This is the third in a series of tutorials on the subject of photographing the Milky Way. Part 1 deals with the gear, planning and taking the photos. Part 2 is an overview of processing single exposure images of our galaxy. This article will cover a technique mentioned briefly in Part 1: image stacking.
“Stacking” is just what it sounds like, It’s the process of taking multiple photographs of a scene, then using software to align and blend those images. In Milky Way photography, there are two common purposes for using this technique:
- Reducing electronic noise caused by long exposures and high ISO settings
- Achieving maximum front-to back sharpness in the foreground
There are separate stacking methods for each of these purposes. We’ll discuss both in this post. Both involve taking the necessary steps in the photography stage and the processing stage.
Shooting the Foreground for a Milky Way Image
We’re going to start with the process of shooting the foreground, assuming you plan to include it in your Milky Way photos. Why? because it’s probably best to make this the first part of your shoot. You’ll have better light for focusing and you won’t need to bother with light painting the foreground after dark. It also gives you the opportunity to tweak your setup and framing before nightfall.
Fortunately, we’ve outlined the process of focus stacking the foreground in a previous tutorial. (By the way, it’s an extremely easy process, thanks to the convenient hyperfocal scale on Irix lenses!) You can learn about it in Focus Bracketing and Stacking Landscape Photos with Irix Lenses.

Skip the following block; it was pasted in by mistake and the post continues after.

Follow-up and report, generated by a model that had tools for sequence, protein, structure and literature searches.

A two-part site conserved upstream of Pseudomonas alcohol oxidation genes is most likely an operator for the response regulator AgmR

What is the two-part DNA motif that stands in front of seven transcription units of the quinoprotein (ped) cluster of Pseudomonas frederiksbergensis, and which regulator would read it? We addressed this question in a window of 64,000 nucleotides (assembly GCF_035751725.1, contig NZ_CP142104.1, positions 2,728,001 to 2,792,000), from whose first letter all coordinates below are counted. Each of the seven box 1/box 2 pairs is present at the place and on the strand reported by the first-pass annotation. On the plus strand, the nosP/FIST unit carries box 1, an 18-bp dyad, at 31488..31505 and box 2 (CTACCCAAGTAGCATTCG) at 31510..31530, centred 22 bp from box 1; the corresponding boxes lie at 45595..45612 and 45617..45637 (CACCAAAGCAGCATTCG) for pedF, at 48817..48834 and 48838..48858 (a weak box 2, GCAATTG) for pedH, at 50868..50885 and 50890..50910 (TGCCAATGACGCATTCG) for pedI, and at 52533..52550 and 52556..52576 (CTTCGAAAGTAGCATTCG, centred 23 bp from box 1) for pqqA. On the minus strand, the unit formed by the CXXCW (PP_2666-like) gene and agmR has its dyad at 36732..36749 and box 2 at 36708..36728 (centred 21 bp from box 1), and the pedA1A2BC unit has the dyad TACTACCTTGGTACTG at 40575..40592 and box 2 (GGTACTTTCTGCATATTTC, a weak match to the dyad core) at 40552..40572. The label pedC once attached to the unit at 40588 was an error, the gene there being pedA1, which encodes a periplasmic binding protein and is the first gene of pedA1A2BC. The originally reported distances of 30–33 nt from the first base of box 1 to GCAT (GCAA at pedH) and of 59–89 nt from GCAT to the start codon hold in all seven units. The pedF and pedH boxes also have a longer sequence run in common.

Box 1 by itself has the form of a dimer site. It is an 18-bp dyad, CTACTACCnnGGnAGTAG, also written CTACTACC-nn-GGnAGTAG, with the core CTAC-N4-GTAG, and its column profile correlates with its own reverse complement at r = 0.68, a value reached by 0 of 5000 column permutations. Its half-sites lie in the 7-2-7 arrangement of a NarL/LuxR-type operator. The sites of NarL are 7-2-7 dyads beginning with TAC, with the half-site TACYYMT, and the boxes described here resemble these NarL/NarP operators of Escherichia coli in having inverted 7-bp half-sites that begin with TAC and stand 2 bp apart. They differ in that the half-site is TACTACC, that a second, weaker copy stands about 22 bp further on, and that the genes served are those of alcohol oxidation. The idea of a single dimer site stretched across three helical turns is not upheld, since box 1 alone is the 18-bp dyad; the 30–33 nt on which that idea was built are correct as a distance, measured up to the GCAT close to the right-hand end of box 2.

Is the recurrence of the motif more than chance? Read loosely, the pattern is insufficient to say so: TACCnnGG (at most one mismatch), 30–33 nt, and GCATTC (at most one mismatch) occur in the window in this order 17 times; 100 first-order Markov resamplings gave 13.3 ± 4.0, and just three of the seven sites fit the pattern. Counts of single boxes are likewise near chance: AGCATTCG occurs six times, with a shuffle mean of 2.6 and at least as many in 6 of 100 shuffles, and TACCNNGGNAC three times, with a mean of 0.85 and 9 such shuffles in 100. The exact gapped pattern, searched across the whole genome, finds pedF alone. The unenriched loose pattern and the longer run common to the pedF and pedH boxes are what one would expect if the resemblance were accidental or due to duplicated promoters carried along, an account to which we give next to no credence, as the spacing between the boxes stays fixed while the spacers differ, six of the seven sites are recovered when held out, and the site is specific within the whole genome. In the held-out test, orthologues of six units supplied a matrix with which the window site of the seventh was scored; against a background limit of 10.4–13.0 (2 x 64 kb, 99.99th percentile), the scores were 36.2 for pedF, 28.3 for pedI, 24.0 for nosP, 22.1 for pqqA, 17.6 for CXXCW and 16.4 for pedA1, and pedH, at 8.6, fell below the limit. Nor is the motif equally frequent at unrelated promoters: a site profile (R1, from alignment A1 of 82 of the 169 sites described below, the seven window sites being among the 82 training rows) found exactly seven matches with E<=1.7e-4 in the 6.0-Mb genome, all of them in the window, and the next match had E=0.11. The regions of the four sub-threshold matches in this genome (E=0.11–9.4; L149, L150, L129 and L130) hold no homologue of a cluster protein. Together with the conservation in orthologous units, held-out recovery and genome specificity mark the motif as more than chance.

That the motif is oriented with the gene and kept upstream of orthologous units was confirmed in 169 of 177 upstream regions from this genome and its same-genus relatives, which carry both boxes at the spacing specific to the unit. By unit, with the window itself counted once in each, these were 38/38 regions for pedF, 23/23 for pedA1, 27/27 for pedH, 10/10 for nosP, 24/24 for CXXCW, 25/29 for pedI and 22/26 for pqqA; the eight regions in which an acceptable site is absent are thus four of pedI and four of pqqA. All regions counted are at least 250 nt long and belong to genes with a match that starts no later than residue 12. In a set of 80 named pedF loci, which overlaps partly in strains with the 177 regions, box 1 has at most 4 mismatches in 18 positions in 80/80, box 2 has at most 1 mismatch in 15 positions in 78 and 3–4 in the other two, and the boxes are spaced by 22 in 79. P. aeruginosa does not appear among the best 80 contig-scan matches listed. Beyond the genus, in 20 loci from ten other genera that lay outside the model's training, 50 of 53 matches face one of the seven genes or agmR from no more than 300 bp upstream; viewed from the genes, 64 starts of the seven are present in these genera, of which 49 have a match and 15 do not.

We have the perfect lenses for the job!
Now that we’ve mentioned one of our unique lens features, let’s take a minute to talk about the two super-wide-angle lenses that Irix shooters already know are ideal for landscape/Milky Way shots.
Our first lens, the 15mm f/2.4 quickly gained fame as an outstanding astrophotography lens. Not long after, our 11mm f/4 lens showed its night-sky prowess, especially when stacking images. Take a look at both to see why they’ve taken wide-field astrophotography by storm!
Noise in Milky Way Photos
The most common stacking method in astrophotography is intended to help cancel noise in your images. Noise is arguably the most prominent problem in night sky photos and it comes in two “flavors”:
Luminance Noise looks much like the grain that was often a problem with high-speed films, which was caused by the number and size of silver halide crystals in the film emulsion. The cause in digital photography, however, is entirely different.
This type of noise is caused by high ISO settings. Each time your sensor captures an image, the “signal” or the light striking the sensor is recorded, along with electrical noise generated by the sensor circuitry. Because the ISO setting in a digital camera amplifies the sensor output, it affects both the signal and the noise. This amplified noise is what creates the bright spots we call luminance noise.
Color Noise appears as a pattern of multicolored dots in the image and is particularly noticeable in shadow (dark) areas. This type of noise is caused by long exposures, which cause the sensor to heat up, which in turn causes color fluctuations in the pixels.
Color, or “chromatic” noise can start to appear at relatively short exposure times, depending on the camera and sensor. It can render an image file unsuitable for use, without a method to reduce or remove it.